There I was in my early 20’s, failing to write a novel that insisted on rattling around in my brain, and doubting that I had the ability to really be a writer. Sometimes I would make another attempt at it, but self-doubt crushed me every time.

My self-esteem issues were hurting more than just my writing, and in my late 20’s I was in a failing relationship, struggling with a career change, and just generally drowning in depression. I went into therapy, first as couple’s counselling, and then for my own issues. In my efforts to rebuild myself, I tried writing again. I wrote a short story to illustrate my struggles and how I was seeing the world.

I shared it with my then-partner and got a very negative reaction – not because of the quality of writing, but because of how it related to our problems. On an intellectual level, I understood that the reaction had nothing to do with the writing itself, but on an emotional level my brain still made a connection between sharing my writing and negative feelings.

Time passed, life got better, and so did my mental health. Every few years I’d make another attempt to write the novel, but every time I’d fall into the same cycle: begin writing, start feeling lost, decide I had to write an outline, realize how many holes were in my story, and then abandon it again.

More time passed, and in my late 30’s I found myself in another dying relationship and reeling from another mental health crisis. In my recovery from the depression, I started itching to write something again, but fear was still holding me back.

I was reading something by Neil Gaiman one day. I don’t remember what exactly, but it was non-fiction, and he was talking about creativity and writing. I’d read similar things from him before, and one thing he always said was that with writing you had to do it every day. Don’t worry about if it’s good, just do it.

I’d read this from other authors too, but I’d talk myself into failure before I even began, convinced that I could never maintain a daily habit so why even try? I then read some of Gaiman’s fiction, and it was so beautiful it made me miserable. He was so damn good it just proved I’d never be a writer. How could I ever hope to achieve such perfection in word play?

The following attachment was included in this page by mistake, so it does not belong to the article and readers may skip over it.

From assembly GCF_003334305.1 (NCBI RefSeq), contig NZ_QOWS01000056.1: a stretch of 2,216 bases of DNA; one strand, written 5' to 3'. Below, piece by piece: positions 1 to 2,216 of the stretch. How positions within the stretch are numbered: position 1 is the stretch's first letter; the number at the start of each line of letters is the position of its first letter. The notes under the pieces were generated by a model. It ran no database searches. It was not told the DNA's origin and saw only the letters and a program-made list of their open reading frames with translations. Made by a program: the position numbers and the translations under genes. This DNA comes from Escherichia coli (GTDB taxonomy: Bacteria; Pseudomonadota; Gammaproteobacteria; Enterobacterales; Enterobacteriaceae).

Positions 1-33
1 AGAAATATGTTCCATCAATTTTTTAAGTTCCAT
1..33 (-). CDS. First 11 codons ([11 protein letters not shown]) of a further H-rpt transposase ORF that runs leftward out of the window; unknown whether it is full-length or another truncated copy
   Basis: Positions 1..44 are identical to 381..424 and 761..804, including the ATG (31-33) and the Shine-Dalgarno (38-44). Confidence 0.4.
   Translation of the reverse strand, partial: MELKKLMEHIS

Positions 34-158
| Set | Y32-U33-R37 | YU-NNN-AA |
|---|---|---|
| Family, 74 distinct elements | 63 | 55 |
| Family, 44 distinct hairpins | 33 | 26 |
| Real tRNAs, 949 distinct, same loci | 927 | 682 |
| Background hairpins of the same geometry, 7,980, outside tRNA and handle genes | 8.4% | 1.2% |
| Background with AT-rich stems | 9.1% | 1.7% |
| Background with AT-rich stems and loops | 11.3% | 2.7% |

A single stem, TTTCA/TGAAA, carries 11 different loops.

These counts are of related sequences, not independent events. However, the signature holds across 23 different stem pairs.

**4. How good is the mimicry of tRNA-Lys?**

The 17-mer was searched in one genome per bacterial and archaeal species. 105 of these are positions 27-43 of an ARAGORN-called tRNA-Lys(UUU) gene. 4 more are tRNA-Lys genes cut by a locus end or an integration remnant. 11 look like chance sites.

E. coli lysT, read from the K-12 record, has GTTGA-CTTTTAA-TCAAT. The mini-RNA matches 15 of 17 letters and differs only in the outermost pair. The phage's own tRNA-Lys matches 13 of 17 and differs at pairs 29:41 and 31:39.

I got so upset that my itching fingers turned to that most comforting refuge of a despairing writer – I wrote a poem about my sadness. Was it a good poem? I doubt it. Was it the best thing I had written in years? Definitely. I’m going to share it with you. Its importance in getting me back to writing can’t be understated, and so I think it deserves to be seen.


Making Excuses

I read your words and despair.


I want to write, truly I do, but

The grace of your words,

Their impact,

Only draws attention to the clumsiness of my efforts.


“Write everyday” they all say.

“You’ll only get better through practice.”

They have forgotten that




Is so much harder than

Making excuses.


That’s all I wrote, 13 lines of questionable quality. But they changed everything. Looking at it I realized I was just making excuses. My own baggage was the only reason I wasn’t writing.

I still didn’t start writing again right away, but now when I thought about it I would ask myself “Are we making excuses again, Erin?” And yes, I was. I knew in my heart that I wanted to write, needed to write, but I just wasn’t doing it because I might fail. I still wasn’t quite ready to start, but the seed had been planted.


This story is taking longer to tell than I thought it would, so I’m going to leave the end of it for now. I hope you’ll join me for Part 3 on Sunday.

2 thoughts on “How I Got Here: Part 2

  1. Whiteley Eric

    You are doing fine,your peom says so much truth in it.I am positive as soon as you put your mind to it your hand will flow.Love you and hope we get to meet up soon

  2. […] this” and “I want to be able to shape words this way.” I’ve written here before about how one of the first things I wrote in my current journey was because I was inspired by reading Neil Gaiman, and how my novel is […]

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